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Essay, Mar/Apr 2012
Robert B. Zoellick

More than 60 years after the World Bank was founded, developing countries still turn to it for financing and expertise. But the world is changing, and so must the bank, argues its president.

Sebastian Mallaby

As the race to replace Dominique Strauss-Kahn at the IMF heats up, emerging markets finally have a shot at the head table. Here's why they might fail to seize it -- and what it will mean.

Essay, Nov/Dec 2010
Stewart Patrick

A major strategic challenge for the United States in the coming decades will be integrating emerging powers into international institutions. To hold the postwar order together, the United States will have to become a more consistent exemplar of multilateral cooperation.

Response, May/June 2009
Robert Madsen; Richard Katz

Does the current financial crisis resemble Japan's "lost decade" of the 1990s? It may be even worse, argues Robert Madsen. Not so, replies Richard Katz.

Comment, Jan/Feb 2006
Jessica Einhorn

The World Bank's outdated financial structure is a threat to its continued relevance. Paul Wolfowitz, the bank's new president, should begin closing the wing of the bank that lends to middle-income countries.

Essay, May/Jun 2005
Sebastian Mallaby

The next World Bank president will confront a nearly impossible challenge: saving the institution from a curious alliance of conservatives and radical activists that threatens to undercut its financial viability and effectiveness. Failure to head off the danger will mean the gradual decline of the best tool the world has for managing globalization, just when that tool is more needed than ever.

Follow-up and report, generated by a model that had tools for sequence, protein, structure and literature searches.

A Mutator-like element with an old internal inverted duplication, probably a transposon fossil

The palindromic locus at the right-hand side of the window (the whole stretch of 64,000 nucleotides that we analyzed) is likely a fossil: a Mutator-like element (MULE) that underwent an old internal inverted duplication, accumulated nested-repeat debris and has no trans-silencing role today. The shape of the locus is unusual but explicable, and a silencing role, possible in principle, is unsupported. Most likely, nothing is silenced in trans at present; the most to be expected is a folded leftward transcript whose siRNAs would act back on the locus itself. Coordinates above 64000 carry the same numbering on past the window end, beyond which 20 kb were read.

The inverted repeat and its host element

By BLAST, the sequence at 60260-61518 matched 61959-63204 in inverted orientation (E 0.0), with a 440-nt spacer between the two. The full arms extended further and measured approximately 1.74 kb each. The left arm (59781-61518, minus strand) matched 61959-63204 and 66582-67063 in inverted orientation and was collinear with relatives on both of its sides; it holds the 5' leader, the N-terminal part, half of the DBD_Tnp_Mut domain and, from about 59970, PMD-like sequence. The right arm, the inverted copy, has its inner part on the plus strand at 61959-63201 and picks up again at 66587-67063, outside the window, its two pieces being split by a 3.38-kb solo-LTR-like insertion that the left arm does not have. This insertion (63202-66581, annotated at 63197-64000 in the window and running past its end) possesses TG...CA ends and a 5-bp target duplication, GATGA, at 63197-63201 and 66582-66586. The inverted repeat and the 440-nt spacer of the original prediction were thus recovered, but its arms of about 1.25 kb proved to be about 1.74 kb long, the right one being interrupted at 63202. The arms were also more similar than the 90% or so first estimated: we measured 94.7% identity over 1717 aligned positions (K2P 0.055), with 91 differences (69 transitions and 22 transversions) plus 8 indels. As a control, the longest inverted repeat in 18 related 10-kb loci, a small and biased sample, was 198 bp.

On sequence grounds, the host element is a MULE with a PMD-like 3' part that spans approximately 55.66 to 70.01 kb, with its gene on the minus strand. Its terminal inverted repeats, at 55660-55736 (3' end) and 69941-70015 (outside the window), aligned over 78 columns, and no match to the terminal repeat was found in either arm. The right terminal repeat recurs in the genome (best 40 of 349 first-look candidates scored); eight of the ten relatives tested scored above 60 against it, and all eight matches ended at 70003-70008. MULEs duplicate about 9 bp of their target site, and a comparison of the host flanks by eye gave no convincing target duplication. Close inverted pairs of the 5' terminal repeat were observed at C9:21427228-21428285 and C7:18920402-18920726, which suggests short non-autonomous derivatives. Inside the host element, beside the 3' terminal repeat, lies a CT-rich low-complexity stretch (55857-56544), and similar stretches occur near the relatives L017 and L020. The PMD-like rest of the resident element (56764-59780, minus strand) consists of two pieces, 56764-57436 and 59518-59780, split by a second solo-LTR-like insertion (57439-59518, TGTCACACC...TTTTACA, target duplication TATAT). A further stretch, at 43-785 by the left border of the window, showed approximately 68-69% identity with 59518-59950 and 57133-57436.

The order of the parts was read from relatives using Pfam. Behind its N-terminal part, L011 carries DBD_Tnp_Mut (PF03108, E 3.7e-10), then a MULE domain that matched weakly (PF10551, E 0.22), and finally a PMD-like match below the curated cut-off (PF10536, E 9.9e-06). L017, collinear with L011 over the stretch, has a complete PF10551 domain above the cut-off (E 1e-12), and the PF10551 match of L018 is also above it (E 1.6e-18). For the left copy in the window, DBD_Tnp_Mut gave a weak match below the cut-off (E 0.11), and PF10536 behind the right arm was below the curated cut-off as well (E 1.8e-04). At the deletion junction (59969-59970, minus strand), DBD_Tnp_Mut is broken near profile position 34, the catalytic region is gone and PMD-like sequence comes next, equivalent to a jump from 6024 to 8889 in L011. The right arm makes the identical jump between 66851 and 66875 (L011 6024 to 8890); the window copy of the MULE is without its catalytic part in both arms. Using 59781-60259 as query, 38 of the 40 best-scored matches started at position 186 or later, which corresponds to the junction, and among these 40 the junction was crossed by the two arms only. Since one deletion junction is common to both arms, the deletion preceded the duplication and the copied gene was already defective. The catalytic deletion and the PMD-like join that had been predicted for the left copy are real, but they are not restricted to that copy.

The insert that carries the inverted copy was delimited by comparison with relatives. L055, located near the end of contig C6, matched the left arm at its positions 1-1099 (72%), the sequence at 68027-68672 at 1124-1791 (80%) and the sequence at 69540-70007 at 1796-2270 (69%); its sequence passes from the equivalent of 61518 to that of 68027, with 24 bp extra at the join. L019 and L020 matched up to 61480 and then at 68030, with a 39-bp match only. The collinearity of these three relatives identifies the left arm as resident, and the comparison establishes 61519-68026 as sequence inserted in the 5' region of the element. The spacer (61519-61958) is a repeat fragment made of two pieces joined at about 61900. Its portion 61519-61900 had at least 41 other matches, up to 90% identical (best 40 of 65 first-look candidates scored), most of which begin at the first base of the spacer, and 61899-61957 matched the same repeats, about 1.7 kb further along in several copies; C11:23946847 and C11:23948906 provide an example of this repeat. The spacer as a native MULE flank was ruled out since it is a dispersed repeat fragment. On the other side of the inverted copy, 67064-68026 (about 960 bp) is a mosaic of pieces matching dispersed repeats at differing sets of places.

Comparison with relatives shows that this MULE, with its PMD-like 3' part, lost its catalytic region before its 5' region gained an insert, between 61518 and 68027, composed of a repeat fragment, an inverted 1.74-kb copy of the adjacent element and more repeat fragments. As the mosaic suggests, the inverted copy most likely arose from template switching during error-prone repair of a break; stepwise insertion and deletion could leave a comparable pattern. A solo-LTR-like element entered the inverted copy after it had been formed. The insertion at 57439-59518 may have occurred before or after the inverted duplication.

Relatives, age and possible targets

Essay, Sep/Oct 1994
Henry Owen

The World Bank Group was a child of World War II, conceived to help developing countries build infrastructure, establish the foundations of economic self- sufficiency, and indirectly nurture political stability. But it should not retire at the age of 50. The bank's mission should be revised to benefit from the colossal growth of private sector financial resources and to help coordinate the work of nongovern­mental organizations. A good first step would be more openness about its work.

Essay, Summer 1989
Jeffrey Sachs

The Brady plan, for reducing Third World debt through cuts in principal and/or interest, will probably fail if creditor participation remains voluntary, with each bank holding out and hoping that others will bear the losses. It needs a concerted effort to achieve a 'critical mass' of bank participation.

Essay, Summer 1983
William H. Bolin and Jorge Del Canto

Over the past year, the problem of the debt of less-developed countries has been of intense concern not only to the private banks which hold most of that debt, but to the governments of the LDCs and of the creditor countries and to the multilateral institutions that have had to play a major part in a well-coordinated initial set of measures to stem the problem and bring it gradually under control. These efforts remain of the utmost importance for the continuation of a worldwide economic recovery and for the stability and progress of the LDCs themselves.

Essay, Fall 1981
William Clark

From April 1, 1968 to June 30, 1981, Robert McNamara served as President of the International Bank for Reconstruction and Development, more commonly known as the World Bank. Each of its five Presidents has left a distinct mark on the institution; none has had a greater personal impact on both the substance and style of its operations.

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